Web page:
On September 20, 2017, the Consumer Product Safety Commission (CPSC or Commission) voted to regulate non-polymeric organohalogen flame retardants (OFRs).  With this vote, CPSC granted a petition from a group of NGOs to initiate rulemaking under the Federal Hazardous Substances Act (FHSA) to address hazards posed by the substances.  In addition, the Commission requested that manufacturers of children’s products, furniture, mattresses, and electronics casings immediately eliminate the use of OFRs.  The Commission also urged distributors and retailers to inquire about the existence of OFRs in their products.

The Commission noted that it has the authority to address products containing OFRs on a class-wide basis.  The Commission further noted that in order to determine that OFRs as a class constitute a “hazardous substance” under FHSA, CPSC need only determine that OFRs are toxic.  Under FHSA, a substance is toxic if it has the capacity to produce injury or illness through ingestion, inhalation, or absorption through any bodily surface, and may cause substantial illness during or as a proximate result of any customary or reasonably foreseeable handling or use of those products.

To address OFRs, CPSC will convene a Chronic Hazard Advisory Panel (CHAP) to assess and issue a report on the risks to consumers’ health and safety from the use of non-polymeric OFRs in the following products:

  • Durable infant and toddler products, children’s toys, child care articles and other children’s products;
  • Upholstered furniture sold for use in residences;
  • Mattresses and mattress pads; and
  • Plastic casings surrounding electronics.

The Commission also directed that a Guidance Document on Hazardous Additive, Non-Polymeric Organohalogen Flame Retardants be published in the Federal Register.  A prepublication draft of the Guidance has been released.

These actions by the CPSC come more than two years after Earthjustice and the Consumer Federation of America petitioned CPSC to adopt rules to protect consumers and children from the health hazards caused OFRs.  Groups joining the petition include the American Academy of Pediatrics, Consumers Union, and the International Association of Fire Fighters.

Clorox Sued for Deceptive Marketing Practices

A group of consumers recently sued Clorox for unjust, unfair, and deceptive practices in misrepresenting the environmental and other benefits of “Green Works” products in violation of California and New York law.  The complaint was filed in the U.S. District Court for the Northern District of California.  Plaintiff’s seek class action status.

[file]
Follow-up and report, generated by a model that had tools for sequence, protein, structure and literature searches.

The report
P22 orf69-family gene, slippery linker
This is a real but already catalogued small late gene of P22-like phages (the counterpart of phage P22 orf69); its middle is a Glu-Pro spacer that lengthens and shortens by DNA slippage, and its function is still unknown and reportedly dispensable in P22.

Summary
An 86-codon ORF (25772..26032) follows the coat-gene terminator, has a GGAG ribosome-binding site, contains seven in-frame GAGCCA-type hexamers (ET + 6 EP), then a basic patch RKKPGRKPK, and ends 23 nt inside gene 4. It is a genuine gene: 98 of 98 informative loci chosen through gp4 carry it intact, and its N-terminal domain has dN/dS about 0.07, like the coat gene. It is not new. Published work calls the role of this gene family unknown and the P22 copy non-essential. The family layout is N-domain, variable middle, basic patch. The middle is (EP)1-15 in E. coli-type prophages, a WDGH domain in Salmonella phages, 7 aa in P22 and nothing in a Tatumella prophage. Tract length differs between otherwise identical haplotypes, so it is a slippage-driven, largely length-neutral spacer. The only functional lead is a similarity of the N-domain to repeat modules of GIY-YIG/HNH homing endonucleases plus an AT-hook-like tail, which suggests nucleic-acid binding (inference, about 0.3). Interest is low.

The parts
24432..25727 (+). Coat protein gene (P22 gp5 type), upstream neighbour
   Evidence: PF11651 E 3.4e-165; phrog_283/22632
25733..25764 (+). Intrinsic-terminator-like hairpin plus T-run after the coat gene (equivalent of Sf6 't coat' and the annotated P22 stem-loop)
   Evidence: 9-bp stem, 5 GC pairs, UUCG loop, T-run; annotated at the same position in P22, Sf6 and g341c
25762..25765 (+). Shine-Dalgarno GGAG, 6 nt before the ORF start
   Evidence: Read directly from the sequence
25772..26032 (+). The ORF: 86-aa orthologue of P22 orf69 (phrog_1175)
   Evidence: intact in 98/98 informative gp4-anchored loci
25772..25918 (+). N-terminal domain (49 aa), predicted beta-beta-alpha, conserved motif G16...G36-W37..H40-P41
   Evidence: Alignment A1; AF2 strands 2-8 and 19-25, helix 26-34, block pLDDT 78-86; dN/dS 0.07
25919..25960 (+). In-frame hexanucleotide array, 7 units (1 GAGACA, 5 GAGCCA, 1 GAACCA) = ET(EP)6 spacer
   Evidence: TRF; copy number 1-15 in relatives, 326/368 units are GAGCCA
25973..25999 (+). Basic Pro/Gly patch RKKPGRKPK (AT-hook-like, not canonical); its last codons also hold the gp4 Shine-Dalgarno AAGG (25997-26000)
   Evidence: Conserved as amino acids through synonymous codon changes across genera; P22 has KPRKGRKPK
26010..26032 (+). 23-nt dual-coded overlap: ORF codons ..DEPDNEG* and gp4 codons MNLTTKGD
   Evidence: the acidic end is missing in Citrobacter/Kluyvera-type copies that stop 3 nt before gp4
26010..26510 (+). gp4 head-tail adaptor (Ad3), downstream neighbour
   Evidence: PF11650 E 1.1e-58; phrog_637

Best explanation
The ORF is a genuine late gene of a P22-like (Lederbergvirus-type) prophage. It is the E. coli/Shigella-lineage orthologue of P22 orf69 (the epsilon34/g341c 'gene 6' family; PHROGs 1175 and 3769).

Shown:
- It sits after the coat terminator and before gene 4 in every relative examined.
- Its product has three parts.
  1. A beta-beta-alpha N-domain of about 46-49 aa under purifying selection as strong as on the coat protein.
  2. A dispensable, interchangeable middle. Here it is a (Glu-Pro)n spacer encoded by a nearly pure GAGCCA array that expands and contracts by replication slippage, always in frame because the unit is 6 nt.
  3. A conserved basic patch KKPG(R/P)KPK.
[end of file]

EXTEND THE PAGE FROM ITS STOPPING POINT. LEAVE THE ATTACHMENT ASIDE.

The complaint alleges that Clorox has made false representations that Green Works products are naturally derived, environmentally sound, and safer alternatives to other cleaning products.  For example, the complaint asserts that the products contain unnatural and harmful chemical ingredients which are associated with skin irritation, allergic reactions, immune system toxicity, and aquatic toxicity.

The complaint includes a number of charges that Clorox has violated California and New York law.  The complaint alleges that Clorox has violated California’s Consumers Legal Remedies Act with unfair methods of competition and unfair and deceptive acts and practices by falsely representing that the Green Works products are naturally derived, green, environmentally sound, and relatively safe products compared to other cleaning products.  It alleges that Clorox has violated California’s Unfair Competition Law by engaging in unlawful, fraudulent, and unfair conduct; that “misleading marketing, advertising, packaging, and labeling of Products is likely to deceive reasonable consumers.”  In addition, the complaint alleges that Clorox has violated New York General Business Law through false advertising concerning the Green Works products.

Remedies sought by the plaintiffs include relabeling to remove representations that the products provide “natural” benefits and are environmentally sound and naturally derived.  In addition, the plaintiffs seek restitution and that Clorox disgorge all revenues obtained as a result of its unlawful, fraudulent, and unfair conduct.

New Prop 65 Regulations Become Operative on August 30, 2018

New consumer warnings will be required under California’s Prop 65 on August 30, 2018.  On September 2, 2016, California’s Office of Environmental Health Hazard Assessment (OEHHA) issued a final rule amending Article 6 of the regulations implementing Proposition 65 (Prop 65) that requires enhanced warning messages. Prop 65 requires a “clear and reasonable” warning on products that expose California consumers to chemicals of concern (“Prop 65-listed chemicals”).  The new regulation has changed what constitutes a “clear and reasonable” warning.  As the final rule becomes effective on August 30, 2018, businesses should begin to assess their products, consider the clear and reasonable warning requirements, and prepare for the deadline to minimize the risk of enforcement litigation.

The final rule imposes requirements on content and methods of transmission, which includes disclosure of one or more Prop 65-listed chemicals that resulted in the warning and an accompanying symbol.  An abbreviated warning, however, will be permitted when a company provides an “on-product” warning.  If an “on-product” warning is used, the business need not disclose the specific Prop 65 chemical(s).

Until the August 30, 2018 effective date, companies selling into California can use either the old or the new regulatory warnings. Indeed, businesses are not required to re-label products that are already in the stream of commerce.  OEHHA has ensured that “the regulations allow the old safe harbor warnings to remain and be considered compliant if the product was manufactured prior to the effective date of the new regulations.”  As such, if a business is selling into California, compliance with the new regulatory warnings must be in effect on all manufactured products on August 30, 2018.

It is prudent for businesses to begin the compliance process shortly because it will take time to assess which products are sold into California, to design new product labels and/or compliant materials, to approve such materials, and to implement the necessary changes.